In the midst of trying to legitimize his business dealings in New York City and Italy in 1979, aging Mafia Don Michael Corleone seeks to avow for his sins, while taking his nephew Vincent Mancini under his wing.
A tale of greed, deception, money, power, and murder occur between two best friends: a mafia enforcer and a casino executive, compete against each other over a gambling empire, and over a fast living and fast loving socialite.
During the era of Prohibition in the United States, Federal Agent Eliot Ness sets out to stop ruthless Chicago gangster Al Capone, and because of rampant corruption, assembles a small, hand-picked team to help him.
Brian De Palma
Robert De Niro
In the final installment of the Godfather Trilogy, an aging Don Michael Corleone seeks to legitimize his crime family's interests and remove himself from the violent underworld but is kept back by the ambitions of the young. While he attempts to link the Corleone's finances with the Vatican, Michael must deal with the machinations of a hungrier gangster seeking to upset the existing Mafioso order and a young protege's love affair with his daughter.Written by
Vincent points out to his cousin that Vito Corleone started as a lowly delivery boy at the Genco Olive Oil Company. In fact, Vito was its founder. It is possible, however, that Vincent was thinking of Vito's tenure at the Abbandando Grocery Store, where he in fact was a delivery boy. It was where he met his friend and future partner Genco Abbandando, after whom their joint venture was named. See more »
My dear children: It is now better than several years since I moved to New York, and I haven't seen you as much as I would like to. I hope you will come to the ceremony of papal honors given for my charitable work. The only wealth in this world is children; more than all the money, power on earth, you are my treasure.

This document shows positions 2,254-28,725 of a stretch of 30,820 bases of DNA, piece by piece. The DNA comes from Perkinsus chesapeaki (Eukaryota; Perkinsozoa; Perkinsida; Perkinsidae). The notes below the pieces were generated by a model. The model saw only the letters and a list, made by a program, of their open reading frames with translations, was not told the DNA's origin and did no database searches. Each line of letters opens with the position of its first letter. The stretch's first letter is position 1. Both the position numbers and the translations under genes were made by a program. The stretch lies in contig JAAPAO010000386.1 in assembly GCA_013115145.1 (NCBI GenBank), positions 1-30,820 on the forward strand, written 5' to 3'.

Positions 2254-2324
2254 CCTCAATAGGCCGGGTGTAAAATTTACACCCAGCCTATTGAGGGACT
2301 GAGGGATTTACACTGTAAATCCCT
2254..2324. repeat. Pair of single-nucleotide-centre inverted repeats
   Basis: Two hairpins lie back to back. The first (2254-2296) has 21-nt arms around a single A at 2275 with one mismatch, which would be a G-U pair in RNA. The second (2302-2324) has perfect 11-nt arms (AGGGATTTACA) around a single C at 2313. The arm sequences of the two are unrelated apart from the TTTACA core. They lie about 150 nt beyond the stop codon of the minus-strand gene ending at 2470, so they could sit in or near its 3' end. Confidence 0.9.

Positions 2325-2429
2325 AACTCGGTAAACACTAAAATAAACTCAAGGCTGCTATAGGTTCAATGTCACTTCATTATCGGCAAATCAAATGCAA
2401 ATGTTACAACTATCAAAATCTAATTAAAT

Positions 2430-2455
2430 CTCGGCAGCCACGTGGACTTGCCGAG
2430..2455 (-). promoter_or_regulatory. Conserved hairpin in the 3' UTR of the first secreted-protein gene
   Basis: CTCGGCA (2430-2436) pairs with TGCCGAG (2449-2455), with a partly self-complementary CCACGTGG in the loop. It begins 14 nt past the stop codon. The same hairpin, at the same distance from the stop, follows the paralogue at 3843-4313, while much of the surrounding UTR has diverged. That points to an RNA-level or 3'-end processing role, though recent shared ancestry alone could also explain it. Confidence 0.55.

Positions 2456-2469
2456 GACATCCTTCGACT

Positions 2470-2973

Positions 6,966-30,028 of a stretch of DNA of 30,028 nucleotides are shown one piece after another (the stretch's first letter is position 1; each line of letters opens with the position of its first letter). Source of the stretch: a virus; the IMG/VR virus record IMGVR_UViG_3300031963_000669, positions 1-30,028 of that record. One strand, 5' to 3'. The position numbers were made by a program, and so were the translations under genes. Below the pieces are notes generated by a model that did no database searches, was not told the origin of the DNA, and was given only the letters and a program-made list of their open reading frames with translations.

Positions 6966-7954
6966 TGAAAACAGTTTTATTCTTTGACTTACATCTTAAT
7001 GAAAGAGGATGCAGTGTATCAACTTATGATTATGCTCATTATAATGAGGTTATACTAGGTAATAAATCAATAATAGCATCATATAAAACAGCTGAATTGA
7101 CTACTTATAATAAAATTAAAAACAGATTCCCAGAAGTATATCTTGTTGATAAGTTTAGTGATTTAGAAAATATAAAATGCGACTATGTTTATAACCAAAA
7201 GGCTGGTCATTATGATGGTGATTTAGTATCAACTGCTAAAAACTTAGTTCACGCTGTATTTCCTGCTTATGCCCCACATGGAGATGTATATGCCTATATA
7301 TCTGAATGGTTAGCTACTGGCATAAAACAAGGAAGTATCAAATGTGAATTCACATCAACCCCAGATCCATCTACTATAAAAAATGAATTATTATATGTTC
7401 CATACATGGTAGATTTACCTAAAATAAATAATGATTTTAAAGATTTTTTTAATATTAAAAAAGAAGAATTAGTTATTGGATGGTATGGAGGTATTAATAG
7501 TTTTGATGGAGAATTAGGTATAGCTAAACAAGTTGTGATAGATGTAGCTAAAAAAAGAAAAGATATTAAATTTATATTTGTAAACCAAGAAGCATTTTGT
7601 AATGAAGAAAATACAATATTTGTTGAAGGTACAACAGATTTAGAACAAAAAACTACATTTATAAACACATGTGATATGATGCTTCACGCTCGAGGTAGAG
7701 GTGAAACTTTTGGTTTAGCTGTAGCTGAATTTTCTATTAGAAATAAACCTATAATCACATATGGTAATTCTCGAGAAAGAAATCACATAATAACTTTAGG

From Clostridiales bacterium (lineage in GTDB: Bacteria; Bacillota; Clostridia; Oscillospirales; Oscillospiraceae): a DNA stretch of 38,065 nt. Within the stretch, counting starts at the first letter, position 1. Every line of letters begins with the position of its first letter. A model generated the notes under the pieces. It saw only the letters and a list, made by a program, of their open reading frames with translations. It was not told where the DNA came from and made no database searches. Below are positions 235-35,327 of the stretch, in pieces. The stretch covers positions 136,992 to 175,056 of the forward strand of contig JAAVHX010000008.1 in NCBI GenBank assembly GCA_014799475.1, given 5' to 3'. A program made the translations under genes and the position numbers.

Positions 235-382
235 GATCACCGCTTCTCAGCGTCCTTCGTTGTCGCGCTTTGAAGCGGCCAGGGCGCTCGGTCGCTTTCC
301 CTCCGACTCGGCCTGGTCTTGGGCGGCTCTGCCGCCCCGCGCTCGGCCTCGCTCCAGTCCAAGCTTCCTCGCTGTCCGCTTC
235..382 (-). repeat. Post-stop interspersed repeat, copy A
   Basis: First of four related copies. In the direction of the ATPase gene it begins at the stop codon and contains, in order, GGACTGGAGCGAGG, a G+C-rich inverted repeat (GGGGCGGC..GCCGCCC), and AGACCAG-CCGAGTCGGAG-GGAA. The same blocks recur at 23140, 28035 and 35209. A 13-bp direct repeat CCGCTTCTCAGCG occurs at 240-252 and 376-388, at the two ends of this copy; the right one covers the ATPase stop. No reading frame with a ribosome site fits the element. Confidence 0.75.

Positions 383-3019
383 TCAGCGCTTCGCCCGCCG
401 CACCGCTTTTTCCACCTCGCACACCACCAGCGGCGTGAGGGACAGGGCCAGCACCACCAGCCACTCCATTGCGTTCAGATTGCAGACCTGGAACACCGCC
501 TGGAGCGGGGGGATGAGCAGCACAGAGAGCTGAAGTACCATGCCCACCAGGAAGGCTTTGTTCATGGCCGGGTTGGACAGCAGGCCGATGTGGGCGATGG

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Two additional scenes have known to have been added to the USA network version during its Godfather trilogy and Saga showings in the late 1990s:
Don Altobello hands Michael and Constance an expensive check for the Vito Corleone Foundation, and Altobello declares lifetime peace between the two familes. All three embrace each other.
A brief exchange between B.J and the Archbishop is seen during the party sequence. The Archbishop snaps softly at B.J "We had a deal!" B.J half-chuckles and says "Of course, how do you think I got all this grey hair." This scene hints early on the wrongdoings of the Archbishop, which isn't revealed until later in the theatrical version.
In some ways it was wonderful seeing some of the original cast members (Pacino, Keaton, Shire) reprising their memorable roles. But in a lot of ways this third installment was just not necessary. If it was all about revealing Michael's wounded mind, and ensuring that he was 'punished for his sins', that was done (quite well, and in a much less graphic way) in Part II: You could tell he was undone in the very last scene. Part III was just overkill.
There were a few casting problems, as well. Sofia Coppola was just terrible, absolutely painful to watch. George Hamilton made the film look like a made-for-TV movie every time he appeared: What was he doing there?? I sure did miss Robert Duvall! The saving graces were Talia Shire as Connie getting her chance to dominate. Andy Garcia, though he didn't have the opportunity to really take off, was a lot of fun to watch.
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